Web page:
Still, the prospect of Missouri entering the NCAA Tournament with Porter having played in four or five games has to leave Tigers fans drooling. With Porter, Missouri’s offense has the potential to transform from a grinding, albeit efficient affair, into an NBA-style clinic of floor spacing and high pick-and-rolls.
Tilmon providing a high ball screen for Porter as Robertson, Barnett and Jontay Porter spread the floor could prove lethal against defenses unequipped to play against that combination of shooting and athleticism, while simultaneously providing a ton of length to disrupt offenses on the other end of the court. And if the Tigers find themselves late in the clock without time to set up a play? Well, go do your thing, Mike. That’s a luxury few teams enjoy, and it can be especially valuable in March when rotations shorten and the intensity ramps up.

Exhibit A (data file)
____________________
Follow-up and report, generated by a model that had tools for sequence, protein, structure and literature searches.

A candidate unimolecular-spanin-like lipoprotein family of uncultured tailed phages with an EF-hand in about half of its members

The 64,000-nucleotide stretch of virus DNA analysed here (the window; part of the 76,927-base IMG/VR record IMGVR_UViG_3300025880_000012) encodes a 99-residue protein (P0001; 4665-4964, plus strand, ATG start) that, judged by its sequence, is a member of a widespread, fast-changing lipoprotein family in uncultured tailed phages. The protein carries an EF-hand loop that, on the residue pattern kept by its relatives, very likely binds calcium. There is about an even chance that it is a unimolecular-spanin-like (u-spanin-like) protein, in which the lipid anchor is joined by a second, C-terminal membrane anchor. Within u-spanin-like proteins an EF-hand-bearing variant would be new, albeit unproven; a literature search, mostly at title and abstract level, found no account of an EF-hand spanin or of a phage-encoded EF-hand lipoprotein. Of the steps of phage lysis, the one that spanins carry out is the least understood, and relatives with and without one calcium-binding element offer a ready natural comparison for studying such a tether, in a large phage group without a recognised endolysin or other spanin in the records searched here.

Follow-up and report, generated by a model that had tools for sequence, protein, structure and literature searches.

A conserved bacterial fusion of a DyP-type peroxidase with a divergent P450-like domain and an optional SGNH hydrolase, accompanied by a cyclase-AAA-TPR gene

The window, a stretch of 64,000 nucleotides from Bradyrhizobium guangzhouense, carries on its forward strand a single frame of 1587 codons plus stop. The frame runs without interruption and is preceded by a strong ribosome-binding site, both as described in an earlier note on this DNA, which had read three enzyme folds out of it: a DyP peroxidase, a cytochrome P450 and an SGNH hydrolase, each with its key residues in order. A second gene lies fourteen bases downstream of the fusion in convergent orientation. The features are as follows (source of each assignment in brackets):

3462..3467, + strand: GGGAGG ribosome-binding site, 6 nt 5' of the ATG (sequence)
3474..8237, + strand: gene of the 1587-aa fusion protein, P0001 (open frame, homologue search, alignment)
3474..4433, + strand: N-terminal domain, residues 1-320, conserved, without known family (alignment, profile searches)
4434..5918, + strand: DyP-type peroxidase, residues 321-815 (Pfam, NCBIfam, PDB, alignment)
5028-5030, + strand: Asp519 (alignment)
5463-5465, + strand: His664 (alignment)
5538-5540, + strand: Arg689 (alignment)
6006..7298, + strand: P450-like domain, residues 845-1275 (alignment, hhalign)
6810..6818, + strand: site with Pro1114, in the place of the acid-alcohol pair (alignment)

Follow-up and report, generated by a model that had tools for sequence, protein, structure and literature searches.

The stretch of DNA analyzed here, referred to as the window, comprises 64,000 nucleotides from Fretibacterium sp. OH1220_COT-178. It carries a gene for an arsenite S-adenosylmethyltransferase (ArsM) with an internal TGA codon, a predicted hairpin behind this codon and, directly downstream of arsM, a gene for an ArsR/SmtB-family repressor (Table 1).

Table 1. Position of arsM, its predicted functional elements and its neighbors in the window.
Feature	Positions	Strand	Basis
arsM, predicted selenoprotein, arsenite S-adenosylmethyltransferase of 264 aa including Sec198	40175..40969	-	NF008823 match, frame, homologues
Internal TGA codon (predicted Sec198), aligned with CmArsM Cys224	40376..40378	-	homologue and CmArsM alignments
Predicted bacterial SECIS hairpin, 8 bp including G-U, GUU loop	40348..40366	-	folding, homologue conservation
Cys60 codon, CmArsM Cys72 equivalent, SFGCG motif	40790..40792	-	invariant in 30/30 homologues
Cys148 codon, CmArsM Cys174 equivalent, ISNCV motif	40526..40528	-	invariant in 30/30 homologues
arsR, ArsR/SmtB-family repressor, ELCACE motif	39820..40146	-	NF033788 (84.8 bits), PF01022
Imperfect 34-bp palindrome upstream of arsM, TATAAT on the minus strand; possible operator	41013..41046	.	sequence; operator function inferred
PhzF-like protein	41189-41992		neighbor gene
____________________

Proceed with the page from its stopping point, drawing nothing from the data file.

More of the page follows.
At the moment, the ceiling for this Missouri team is probably somewhere on the 4- or 5-seed-line, while the (realistic) floor is probably a 10-seed. Regardless of where they are slotted, with Porter back in the lineup, Missouri would be a team nobody wants to play, even if it’s just the thought of what the Tigers could be instilling nervousness into their opponents.
First, though, Porter needs the go-ahead from his doctor. Until then, the Tigers will remain a good, but flawed team. If he gets clearance, however? Well, then everything Missouri fans hoped this season could be back on the table.